Cookie policy notice

By continuing to use this site you agree to our cookies policy below:
Since 26 May 2011, the law now states that cookies on websites can ony be used with your specific consent. Cookies allow us to ensure that you enjoy the best browsing experience.

This site is intended for health professionals only

At the heart of general practice since 1960

Trick and Treat

An eccentric and wide-ranging attack on lifestyle advice, screening programmes and the medical profession receives a rather sceptical reception from our GP reviewer

An eccentric and wide-ranging attack on lifestyle advice, screening programmes and the medical profession receives a rather sceptical reception from our GP reviewer

The book provides a cynical account of how doctors, pharmaceutical companies and Government-appointed healthcare agencies are misleading people into believing longer and better lives will follow by adopting a healthy lifestyle.

The author Barry Groves – a fervent campaigner on nutritional issues - is highly critical of the concept of ‘healthy eating', which advocates eating less animal fat and more polyunsaturated vegetable fats.

He asserts that there is no evidence that people are living healthier lives as a result of lifestyle changes.

Groves makes a valid observation that the Government and the doctors do not spend anywhere near as much on prevention of illnesses as on treatment, but then goes on to argue that this is all a part of deliberate ploy to create illnesses so that pharmaceutical companies can make profit by selling their drugs.

He accuses drug companies of adopting deceitful methods to develop new drugs to increase their profits. He comes up with a startling observation that whenever doctors go on strike, there is always a dramatic fall in death rate, which apparently goes to show doctors are contributing to deaths by their medical intervention.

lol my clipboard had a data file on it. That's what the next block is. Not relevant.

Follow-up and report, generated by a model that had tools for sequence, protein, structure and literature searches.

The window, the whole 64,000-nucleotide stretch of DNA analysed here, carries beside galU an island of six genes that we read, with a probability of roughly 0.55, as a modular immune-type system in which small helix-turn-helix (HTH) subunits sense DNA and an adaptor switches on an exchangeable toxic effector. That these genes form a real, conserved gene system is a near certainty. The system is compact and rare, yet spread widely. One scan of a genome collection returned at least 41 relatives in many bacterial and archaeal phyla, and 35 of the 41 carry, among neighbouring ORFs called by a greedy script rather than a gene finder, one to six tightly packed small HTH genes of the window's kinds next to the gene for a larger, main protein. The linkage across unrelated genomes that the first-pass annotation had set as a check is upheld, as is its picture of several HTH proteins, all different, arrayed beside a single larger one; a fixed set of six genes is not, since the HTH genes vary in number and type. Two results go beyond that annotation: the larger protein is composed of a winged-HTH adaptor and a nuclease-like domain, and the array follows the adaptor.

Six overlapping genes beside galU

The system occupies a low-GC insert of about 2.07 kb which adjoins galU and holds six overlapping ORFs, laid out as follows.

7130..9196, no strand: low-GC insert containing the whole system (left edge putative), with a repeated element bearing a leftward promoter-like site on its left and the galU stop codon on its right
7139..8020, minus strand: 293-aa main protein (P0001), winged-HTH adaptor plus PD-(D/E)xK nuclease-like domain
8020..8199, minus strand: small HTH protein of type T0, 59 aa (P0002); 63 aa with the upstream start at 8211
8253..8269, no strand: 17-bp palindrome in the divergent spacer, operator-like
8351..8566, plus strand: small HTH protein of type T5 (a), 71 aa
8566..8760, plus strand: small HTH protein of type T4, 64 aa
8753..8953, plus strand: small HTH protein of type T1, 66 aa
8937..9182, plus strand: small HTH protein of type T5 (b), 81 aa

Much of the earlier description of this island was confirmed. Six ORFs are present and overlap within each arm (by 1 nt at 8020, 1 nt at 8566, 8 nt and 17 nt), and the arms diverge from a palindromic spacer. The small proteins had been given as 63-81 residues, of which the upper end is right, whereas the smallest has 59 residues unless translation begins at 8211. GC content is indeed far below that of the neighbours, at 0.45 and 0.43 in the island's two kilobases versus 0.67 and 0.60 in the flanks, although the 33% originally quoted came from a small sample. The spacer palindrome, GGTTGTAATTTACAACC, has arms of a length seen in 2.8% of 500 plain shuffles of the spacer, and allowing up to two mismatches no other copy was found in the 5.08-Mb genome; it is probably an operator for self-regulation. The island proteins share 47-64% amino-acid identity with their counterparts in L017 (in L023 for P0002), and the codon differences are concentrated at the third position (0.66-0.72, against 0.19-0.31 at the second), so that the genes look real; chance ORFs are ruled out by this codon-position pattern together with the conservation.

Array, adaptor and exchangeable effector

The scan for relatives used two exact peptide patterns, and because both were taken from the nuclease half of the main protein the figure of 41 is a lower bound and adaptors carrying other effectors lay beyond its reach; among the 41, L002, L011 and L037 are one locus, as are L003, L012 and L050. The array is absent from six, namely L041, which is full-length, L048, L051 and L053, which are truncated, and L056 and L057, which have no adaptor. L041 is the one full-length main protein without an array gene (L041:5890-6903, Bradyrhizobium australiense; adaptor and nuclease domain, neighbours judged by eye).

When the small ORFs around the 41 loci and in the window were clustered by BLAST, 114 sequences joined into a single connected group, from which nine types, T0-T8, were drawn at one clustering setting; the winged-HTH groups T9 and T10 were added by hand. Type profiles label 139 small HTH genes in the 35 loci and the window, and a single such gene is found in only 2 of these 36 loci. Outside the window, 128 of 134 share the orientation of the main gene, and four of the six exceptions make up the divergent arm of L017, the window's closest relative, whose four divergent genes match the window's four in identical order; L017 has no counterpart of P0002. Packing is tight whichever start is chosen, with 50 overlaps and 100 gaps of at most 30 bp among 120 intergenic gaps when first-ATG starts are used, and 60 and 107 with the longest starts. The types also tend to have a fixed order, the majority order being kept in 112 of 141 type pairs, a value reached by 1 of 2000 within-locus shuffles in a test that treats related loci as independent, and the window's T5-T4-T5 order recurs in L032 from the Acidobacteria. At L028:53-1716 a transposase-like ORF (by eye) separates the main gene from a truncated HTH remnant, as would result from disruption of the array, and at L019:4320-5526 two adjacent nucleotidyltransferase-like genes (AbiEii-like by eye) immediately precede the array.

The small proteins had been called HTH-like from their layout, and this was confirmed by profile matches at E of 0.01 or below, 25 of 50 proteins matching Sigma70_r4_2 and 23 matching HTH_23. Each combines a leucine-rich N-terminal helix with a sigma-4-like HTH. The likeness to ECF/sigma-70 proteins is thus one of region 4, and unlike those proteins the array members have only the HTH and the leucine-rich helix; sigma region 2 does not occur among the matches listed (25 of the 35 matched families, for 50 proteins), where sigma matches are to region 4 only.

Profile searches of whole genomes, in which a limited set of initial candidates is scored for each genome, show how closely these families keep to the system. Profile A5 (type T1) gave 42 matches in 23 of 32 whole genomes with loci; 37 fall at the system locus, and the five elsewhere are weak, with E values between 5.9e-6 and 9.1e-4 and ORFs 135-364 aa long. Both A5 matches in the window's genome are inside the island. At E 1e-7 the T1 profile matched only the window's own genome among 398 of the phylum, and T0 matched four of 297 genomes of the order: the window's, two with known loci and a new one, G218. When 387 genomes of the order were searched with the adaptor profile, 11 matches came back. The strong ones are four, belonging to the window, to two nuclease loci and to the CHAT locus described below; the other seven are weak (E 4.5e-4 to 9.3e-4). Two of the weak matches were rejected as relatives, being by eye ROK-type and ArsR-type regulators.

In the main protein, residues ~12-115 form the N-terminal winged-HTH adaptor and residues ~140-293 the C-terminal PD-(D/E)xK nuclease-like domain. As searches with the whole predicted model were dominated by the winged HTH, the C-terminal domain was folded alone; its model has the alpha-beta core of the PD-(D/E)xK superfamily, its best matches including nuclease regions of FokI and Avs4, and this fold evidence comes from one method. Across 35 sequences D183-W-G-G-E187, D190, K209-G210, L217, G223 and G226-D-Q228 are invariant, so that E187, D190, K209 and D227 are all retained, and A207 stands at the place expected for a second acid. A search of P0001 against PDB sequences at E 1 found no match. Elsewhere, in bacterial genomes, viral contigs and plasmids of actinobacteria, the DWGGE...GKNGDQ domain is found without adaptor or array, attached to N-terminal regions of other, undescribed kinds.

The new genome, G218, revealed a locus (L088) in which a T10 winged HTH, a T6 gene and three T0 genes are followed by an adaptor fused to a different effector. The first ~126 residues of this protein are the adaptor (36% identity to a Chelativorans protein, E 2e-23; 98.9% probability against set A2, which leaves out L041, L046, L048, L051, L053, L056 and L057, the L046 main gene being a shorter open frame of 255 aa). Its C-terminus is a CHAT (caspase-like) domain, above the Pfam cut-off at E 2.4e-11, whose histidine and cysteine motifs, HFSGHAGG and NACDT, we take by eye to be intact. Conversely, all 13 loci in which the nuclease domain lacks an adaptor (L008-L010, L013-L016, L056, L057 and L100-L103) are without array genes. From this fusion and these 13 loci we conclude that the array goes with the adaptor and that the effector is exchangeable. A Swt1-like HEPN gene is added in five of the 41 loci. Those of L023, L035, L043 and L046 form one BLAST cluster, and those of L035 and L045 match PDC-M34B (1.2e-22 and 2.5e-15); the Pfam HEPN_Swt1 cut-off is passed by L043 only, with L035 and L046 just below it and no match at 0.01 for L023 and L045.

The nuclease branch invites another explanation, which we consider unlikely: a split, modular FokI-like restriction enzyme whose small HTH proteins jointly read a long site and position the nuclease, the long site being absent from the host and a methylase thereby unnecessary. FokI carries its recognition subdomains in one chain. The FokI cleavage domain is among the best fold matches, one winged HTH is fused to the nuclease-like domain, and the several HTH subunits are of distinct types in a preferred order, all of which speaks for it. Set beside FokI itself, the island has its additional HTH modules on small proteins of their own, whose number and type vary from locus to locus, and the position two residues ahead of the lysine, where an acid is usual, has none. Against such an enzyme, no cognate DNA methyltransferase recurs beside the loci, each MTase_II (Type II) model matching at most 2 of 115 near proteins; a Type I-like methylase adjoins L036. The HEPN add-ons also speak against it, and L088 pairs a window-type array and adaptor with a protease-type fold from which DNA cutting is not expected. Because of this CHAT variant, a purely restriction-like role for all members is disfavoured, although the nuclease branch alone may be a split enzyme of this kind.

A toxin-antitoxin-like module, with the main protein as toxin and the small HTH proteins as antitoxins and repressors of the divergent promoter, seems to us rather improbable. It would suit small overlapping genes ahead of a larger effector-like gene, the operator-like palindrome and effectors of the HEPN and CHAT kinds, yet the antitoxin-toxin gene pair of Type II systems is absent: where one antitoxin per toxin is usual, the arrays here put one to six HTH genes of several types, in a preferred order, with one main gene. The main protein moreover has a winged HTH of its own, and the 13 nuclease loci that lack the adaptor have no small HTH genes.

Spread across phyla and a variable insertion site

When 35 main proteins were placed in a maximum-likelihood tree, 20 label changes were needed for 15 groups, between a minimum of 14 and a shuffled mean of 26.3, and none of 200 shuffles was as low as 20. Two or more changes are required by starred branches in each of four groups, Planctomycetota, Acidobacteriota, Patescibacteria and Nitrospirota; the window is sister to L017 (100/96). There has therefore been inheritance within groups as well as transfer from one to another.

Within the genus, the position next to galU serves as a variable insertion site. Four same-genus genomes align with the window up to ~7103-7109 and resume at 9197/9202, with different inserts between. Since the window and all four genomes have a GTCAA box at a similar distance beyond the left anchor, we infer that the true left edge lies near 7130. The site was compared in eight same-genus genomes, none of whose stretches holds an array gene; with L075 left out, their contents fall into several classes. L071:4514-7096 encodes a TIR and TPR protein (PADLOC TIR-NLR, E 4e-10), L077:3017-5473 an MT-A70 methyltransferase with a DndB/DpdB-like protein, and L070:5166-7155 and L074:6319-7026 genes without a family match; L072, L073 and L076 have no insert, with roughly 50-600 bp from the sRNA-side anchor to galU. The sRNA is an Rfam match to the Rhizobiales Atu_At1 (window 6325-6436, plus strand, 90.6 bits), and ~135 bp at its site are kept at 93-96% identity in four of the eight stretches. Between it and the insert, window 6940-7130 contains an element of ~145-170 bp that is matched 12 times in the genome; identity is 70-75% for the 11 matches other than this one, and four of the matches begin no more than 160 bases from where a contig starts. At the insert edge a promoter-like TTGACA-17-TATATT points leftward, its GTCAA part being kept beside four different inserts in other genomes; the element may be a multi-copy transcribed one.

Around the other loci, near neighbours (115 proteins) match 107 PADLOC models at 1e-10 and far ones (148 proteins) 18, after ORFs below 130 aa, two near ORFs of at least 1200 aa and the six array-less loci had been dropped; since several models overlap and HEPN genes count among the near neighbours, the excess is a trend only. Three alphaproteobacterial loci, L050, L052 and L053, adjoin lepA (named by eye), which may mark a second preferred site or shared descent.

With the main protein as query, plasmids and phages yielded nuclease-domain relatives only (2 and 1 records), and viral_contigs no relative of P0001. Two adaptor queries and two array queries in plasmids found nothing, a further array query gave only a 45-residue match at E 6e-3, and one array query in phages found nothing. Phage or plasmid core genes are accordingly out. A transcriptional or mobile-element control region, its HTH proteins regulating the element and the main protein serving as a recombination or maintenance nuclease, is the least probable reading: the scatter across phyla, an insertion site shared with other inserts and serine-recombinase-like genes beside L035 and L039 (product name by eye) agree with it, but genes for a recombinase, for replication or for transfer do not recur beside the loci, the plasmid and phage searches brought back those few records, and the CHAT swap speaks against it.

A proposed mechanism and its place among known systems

He quotes several examples to illustrate this point, based on historical facts.

He is also very sceptical about the results of the Ipsos MORI poll taken in 2006 which showed an overwhelming 91% of the population voted doctors the most trustworthy professionals in the UK for the 22nd year running, because the poll was funded by the BMA.

While claiming that the Government and doctors do not spend much time on prevention of illnesses, he is also critical of the screening systems that are aimed at detecting early cancer of the cervix, breast or prostate, saying that if the patient has been found to have any changes suggestive of malignancy, he or she must already have the disease and so it can't be true prevention.

The book will prove highly controversial and in my view lacks scientific credibility, but it will serve to fuel the debate about the healthy lifestyles we advocate for our patients and ourselves, by challenging many of the current established practices.

It is unlikely that a doctor reading this book will find it anything other than amusing at best.

Dr Krishna Korlipara

Rating: 1/5

Rate this article 

Click to rate

  • 1 star out of 5
  • 2 stars out of 5
  • 3 stars out of 5
  • 4 stars out of 5
  • 5 stars out of 5

0 out of 5 stars

Have your say